- The Washington Times - Tuesday, January 31, 2006

The Washington Times photography staff has won 13 awards in “The Eyes of History 2006,” a contest sponsored annually by the White House News Photographers Association.

Liz O. Baylen took second place in the picture story feature category for “Lost at Camp,” which depicted a trying moment in the lives of three dutiful young women at a summer weight-loss camp.

“I’m a story hound. I meet people, we talk about their lives, and I try to experience as much of that life as I can. I try to live it with them,” Miss Baylen said. “Then I wait. I wait for the moments to happen which best speak of that person and their experiences.”

Rodney Lamkey Jr. was awarded third place in the same category for “Rural America Under the Influence,” a stark portrait of a tattooed and shirtless methamphetamine addict.

Allison Shelley won second place in the pictorial category for “Cavalia,” a striking composition showcasing a performing circus horse in midroll.

Mr. Lamkey took third place in that category for “John’s Amazing Grace,” a poignant portrait of a 101-year-old war veteran living in a homeless shelter. In addition, Mr. Lamkey received an award of excellence in that category for “Ronald’s House,” illustrating a hurricane-ravaged McDonald’s restaurant in Mississippi.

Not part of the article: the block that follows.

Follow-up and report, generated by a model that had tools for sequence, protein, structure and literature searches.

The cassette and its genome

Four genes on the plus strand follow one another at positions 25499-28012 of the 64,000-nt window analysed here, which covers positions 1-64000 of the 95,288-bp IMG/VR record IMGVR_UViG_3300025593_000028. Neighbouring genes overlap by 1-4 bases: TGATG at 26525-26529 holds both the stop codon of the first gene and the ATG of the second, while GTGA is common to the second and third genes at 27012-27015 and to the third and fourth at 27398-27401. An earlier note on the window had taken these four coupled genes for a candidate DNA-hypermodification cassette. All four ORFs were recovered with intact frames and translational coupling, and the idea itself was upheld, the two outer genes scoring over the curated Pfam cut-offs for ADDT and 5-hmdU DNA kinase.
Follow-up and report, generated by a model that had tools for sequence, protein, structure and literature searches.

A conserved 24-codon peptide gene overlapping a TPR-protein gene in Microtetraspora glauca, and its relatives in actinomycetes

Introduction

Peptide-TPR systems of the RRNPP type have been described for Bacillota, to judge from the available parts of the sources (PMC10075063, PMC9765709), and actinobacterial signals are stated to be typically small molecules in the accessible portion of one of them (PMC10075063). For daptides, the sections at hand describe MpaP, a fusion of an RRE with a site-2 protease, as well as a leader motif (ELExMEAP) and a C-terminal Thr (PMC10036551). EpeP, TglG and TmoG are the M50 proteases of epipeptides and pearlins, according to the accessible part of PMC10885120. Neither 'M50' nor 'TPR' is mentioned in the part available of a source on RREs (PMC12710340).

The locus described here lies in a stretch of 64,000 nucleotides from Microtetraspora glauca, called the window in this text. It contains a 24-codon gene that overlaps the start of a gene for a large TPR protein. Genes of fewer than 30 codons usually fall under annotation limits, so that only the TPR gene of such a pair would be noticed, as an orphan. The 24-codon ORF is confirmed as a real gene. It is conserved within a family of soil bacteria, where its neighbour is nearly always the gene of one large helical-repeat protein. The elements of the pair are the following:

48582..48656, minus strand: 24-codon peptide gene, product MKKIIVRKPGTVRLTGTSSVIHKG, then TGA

In the portrait personality category, Miss Baylen won third place for “Picturing a Mentor,” highlighting the very personal vision of a young black artist, plus an award of excellence for “Not of My Own Skin,” which showed the realities of a drastic, 150-pound weight loss. Miss Shelley also won an award of excellence for “Orphans,” earned for work completed shortly before she joined the Times. The photo depicted children in Kenya who had been orphaned by AIDS.

Mary F. Calvert won third place in the presidential category for “Lost in the Storm,” a compelling portrait of President Bush receiving an update about Hurricane Katrina last year.

J.M. Eddins Jr. received an award of excellence in the feature category for “Meat Popsicles,” capturing the frigid ballet between stalwart locals and the Chesapeake Bay during a “polar bear” plunge last January. Miss Baylen also won an award of excellence for “The Last Supper,” depicting aging artists in a nursing home before their collective painting of Jesus Christ’s final repast.

Nancy Pastor won an award of excellence in the domestic news category for her portrait of mourners at civil rights icon Rosa Park’s funeral. Mr. Eddins also received an award of excellence for “Mother’s Nightmare,” capturing the moment when a parent arrived at the funeral of a child who had been killed.

The association was founded in 1921 by still- and motion-picture photographers who covered political newsmakers around the globe. Based in Washington, the association has more than 500 members affiliated with major newspapers, magazines, wire services and broadcast news organizations.

The winners were announced Sunday. Their work can be seen at the group’s Web site, www.whnpa.org.

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